There is not much to solve when facing Cincinnati, a team that has little finesse and all force. Temple felt the force Sunday while squandering a 14-point lead early in the second half of a 72-68 loss to the Bearcats at the Liacouras Center.

It was Cincinnati’s fifth straight win over Temple, now 15-5 and 5-2 in the American Athletic Conference.

Cincinnati (18-3, 7-1) is a team built on grit. The Bearcats had a 46-22 rebounding edge, including 16-3 on the offensive glass.

“We weren’t tough enough, simple as that,” said Temple sophomore forward J.P. Moorman, who came off the bench to score a career-high 20 points.

Temple, which entered the game leading the AAC in free throw percentage (.739), shot just 19 of 31 from the foul line (61.3 percent).

“When teams are playing well and you have a player like J.P. making shots the way he was making [them], you can quit and go home or get better on defense,” Cincinnati coach Mick Cronin said.

The Bearcats opted for the latter.

Cincinnati committed only two of its 10 turnovers in the second half and simply dominated on the glass. During the second half, the Bearcats outrebounded Temple, 25-10, including 10-2 on the offensive glass.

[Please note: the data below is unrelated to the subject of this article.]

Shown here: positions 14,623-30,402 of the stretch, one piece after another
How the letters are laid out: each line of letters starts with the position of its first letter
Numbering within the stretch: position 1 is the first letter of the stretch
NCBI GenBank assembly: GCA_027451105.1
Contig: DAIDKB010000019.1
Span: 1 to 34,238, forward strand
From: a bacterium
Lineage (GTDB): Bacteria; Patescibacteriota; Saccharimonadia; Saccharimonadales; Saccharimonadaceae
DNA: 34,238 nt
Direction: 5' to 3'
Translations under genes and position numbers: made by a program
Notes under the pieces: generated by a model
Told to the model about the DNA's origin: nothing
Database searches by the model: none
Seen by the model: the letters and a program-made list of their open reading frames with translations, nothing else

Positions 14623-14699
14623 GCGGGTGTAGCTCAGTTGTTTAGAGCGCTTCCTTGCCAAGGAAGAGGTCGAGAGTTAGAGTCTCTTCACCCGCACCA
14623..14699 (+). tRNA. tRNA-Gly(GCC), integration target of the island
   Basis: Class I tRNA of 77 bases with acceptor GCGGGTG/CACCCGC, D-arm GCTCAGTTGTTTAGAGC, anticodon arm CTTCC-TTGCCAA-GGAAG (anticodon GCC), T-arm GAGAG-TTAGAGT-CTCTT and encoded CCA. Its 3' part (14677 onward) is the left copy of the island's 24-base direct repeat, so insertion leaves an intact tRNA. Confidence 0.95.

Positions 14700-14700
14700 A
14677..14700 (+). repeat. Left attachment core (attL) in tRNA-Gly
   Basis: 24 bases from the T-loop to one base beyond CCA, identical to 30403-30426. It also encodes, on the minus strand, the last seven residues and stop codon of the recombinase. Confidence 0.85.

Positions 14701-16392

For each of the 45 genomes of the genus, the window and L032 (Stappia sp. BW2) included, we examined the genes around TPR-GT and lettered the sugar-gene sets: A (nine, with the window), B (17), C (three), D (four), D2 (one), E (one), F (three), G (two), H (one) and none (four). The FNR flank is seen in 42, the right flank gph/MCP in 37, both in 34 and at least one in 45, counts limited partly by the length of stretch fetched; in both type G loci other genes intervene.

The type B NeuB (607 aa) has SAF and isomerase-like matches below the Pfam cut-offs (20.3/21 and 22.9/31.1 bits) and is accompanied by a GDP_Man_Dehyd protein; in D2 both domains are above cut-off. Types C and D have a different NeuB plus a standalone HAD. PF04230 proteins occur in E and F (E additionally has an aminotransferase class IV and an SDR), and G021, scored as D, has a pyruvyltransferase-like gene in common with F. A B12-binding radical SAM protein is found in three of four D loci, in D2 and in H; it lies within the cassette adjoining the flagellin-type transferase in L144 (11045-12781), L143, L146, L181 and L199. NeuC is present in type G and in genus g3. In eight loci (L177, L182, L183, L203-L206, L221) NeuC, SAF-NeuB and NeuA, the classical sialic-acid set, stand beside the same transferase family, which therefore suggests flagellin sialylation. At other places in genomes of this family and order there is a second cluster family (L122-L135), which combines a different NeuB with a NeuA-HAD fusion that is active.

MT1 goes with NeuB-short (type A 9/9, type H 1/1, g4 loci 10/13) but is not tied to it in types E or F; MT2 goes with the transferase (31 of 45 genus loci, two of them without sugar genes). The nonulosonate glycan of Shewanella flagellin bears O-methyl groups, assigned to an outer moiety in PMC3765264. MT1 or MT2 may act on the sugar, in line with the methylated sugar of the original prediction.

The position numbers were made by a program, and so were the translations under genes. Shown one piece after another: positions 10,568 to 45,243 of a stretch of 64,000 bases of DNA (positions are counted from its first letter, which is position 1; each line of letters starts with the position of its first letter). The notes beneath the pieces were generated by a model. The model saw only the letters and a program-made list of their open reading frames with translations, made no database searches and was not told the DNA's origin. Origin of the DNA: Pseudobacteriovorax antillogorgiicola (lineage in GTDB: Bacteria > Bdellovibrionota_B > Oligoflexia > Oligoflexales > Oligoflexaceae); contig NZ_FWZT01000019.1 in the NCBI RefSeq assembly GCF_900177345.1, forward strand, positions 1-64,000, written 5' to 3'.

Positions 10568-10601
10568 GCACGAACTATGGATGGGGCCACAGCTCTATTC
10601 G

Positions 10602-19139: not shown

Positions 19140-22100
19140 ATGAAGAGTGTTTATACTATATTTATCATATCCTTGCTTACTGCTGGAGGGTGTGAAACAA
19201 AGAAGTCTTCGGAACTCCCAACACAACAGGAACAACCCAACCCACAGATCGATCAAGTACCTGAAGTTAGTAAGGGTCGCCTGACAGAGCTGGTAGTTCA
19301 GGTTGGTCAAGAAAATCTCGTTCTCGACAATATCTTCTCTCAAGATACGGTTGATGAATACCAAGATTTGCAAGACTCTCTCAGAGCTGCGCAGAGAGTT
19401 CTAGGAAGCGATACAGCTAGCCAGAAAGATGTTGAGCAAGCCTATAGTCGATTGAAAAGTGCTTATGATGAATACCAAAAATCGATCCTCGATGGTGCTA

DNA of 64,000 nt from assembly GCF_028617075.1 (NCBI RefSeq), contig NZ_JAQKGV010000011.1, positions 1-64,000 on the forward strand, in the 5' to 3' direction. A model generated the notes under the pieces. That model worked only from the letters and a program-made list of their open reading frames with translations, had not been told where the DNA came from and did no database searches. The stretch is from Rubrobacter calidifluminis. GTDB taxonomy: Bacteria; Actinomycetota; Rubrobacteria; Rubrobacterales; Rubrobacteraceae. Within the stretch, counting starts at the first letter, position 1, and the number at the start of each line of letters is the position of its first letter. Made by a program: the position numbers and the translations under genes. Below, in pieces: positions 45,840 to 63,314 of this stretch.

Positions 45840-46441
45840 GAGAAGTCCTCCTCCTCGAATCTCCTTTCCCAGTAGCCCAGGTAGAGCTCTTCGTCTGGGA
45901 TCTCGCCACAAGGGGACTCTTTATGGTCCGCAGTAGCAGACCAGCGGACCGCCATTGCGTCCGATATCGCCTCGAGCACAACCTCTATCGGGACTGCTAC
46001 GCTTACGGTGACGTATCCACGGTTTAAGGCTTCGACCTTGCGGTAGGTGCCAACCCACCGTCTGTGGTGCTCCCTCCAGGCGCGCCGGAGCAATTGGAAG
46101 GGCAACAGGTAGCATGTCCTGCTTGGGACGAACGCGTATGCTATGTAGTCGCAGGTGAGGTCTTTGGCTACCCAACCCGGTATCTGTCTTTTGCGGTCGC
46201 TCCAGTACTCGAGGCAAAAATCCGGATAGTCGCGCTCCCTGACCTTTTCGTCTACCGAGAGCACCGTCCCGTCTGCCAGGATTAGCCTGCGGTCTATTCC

“We had eight different guys have offensive rebounds. That was the difference; guys stepped up their intensity level, found a way to win the game,” Cronin said.

The other factor was Cincinnati’s Jarron Cumberland reverting to form after being held to seven first-half points on 2-for-7 shooting.

Averaging 18.1 points entering the game, the rugged 6-foot-5, Cumberland finished with 25 points and hit 12 of 17 free throws. The Owls couldn’t contend with his strength while driving to the basket.

Besides Moorman’s 20 points, Temple received 18 from Shizz Alston and 16 from Quinton Rose.

Temple’s Nate Pierre-Louis made two free throws to cut Cincinnati’s lead to 63-60 with 2 minutes, 31 seconds left. The Bearcats increased the lead to as many as seven points, but Temple cut it to 71-68 on Alston’s three-pointer with 2.7 seconds left. Cumberland hit one of two free throws with 1.8 seconds remaining to ice the game.

The Owls led, 35-25, at halftime. It was Cincinnati’s biggest halftime deficit of the season. The score could have been more lopsided, but the Owls struggled down the stretch. They didn’t commit a turnover in their first 27 possessions, but had four in their last eight possessions.

Cincinnati shot 0-for-7 in the first half from three-point range and only 3-for-18 for the game.

“Nobody makes shots here unless you are in the Big 5,” Cronin said, possibly referring to Penn, which was 12-for-30 from three-point range in a 77-70 win at Temple on Jan. 19. “We never make shots, and that is why it is brutal to come in here.”

Brutal is a way to describe facing Cincinnati, a team that rarely loses the intensity battle to anybody. That is why the Bearcats have been to eight straight NCAA tournaments and appear headed for a ninth.

Temple still has plenty of work to do, although Cronin said afterward he thinks the Owls are an NCAA team.

For that to happen, the Owls know what they have to do.

“We have to bring it to the table every game,” Moorman said on day the Owls faced a team that refused to be outworked on either end of the court.